“They wanted Jared to be more involved, maybe help push the agenda with the president because they felt that that was something he needed to be more lenient on,” Parnas explained.

As for a picture taken with the couple that went viral, Parnas sais the White House was lying about the circumstances under which is was taken.

“The White House has claimed that a picture of Parnas with Kushner and Ivanka Trump was ‘taken at an event in a photo line.’” the report states. “Parnas, however, said it was taken at the intimate dinner with cannabis industry insiders. Two sources with knowledge of the dinner confirmed that it happened in October 2018 and that Parnas attended. The decor in the background of the picture–as Zack Everson, author of a newsletter on Trump properties noted–indicates the photo was taken in the pricey Trump Hotel suite where the dinner was hosted.”

You can read more here.

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GOP DISINFORMATION MACHINE

Rod Rosenstein Admits He Authorized Release of Strzok-Page Texts That Spawned Preposterous GOP Conspiracy Theories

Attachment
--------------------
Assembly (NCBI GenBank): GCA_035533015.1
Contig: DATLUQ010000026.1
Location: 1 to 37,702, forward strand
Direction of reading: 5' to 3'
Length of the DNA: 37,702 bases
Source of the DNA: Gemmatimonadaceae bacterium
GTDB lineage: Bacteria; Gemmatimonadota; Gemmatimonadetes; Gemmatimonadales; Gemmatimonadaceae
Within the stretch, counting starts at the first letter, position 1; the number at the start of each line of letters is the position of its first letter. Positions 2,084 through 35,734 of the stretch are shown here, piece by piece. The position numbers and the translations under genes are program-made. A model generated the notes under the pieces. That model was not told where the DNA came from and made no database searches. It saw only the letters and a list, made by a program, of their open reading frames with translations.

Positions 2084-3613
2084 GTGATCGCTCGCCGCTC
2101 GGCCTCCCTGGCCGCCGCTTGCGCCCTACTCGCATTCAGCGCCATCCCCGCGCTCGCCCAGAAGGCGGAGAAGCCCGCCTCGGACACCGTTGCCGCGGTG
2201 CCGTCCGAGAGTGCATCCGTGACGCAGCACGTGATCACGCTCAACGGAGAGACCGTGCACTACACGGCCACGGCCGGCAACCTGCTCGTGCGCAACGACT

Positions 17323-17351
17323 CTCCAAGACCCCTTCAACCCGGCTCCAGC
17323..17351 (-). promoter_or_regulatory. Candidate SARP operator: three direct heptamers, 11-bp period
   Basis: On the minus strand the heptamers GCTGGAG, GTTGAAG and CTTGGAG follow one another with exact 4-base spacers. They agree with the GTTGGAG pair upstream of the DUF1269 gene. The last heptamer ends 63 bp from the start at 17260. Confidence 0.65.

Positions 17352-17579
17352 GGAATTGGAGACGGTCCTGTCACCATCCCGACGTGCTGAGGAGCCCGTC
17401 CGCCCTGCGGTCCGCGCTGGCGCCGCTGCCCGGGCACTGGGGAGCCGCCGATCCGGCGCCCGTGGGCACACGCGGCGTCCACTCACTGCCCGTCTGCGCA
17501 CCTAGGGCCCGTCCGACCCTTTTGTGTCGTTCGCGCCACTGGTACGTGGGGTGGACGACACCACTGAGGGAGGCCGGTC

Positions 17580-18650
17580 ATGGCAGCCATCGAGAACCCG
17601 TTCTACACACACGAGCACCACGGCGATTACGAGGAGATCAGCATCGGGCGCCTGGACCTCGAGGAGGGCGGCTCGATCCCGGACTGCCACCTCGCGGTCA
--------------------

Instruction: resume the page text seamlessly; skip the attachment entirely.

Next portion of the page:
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In a court filing released on Friday, former Deputy Attorney General Rod Rosenstein admitted that he authorized the release of the text messages between FBI officials Peter Strzok and Lisa Page.

Strzok and Page, who were involved in the Russia investigation prior to dismissal by former special counsel Robert Mueller, and whose extramarital affair inflamed Fox News’ outrage for months, revealed a dislike of President Donald Trump in their text messages, which formed the basis of GOP conspiracy theories that the FBI had been secretly working to bring down the president with the Russia investigation.

Subsequent investigations have failed to find any evidence that Strzok, Page, or any other FBI officials tried to politically target Trump with the power of the agency. However, a recent inspector general report suggests some of their surveillance practices may have been improper and require reform.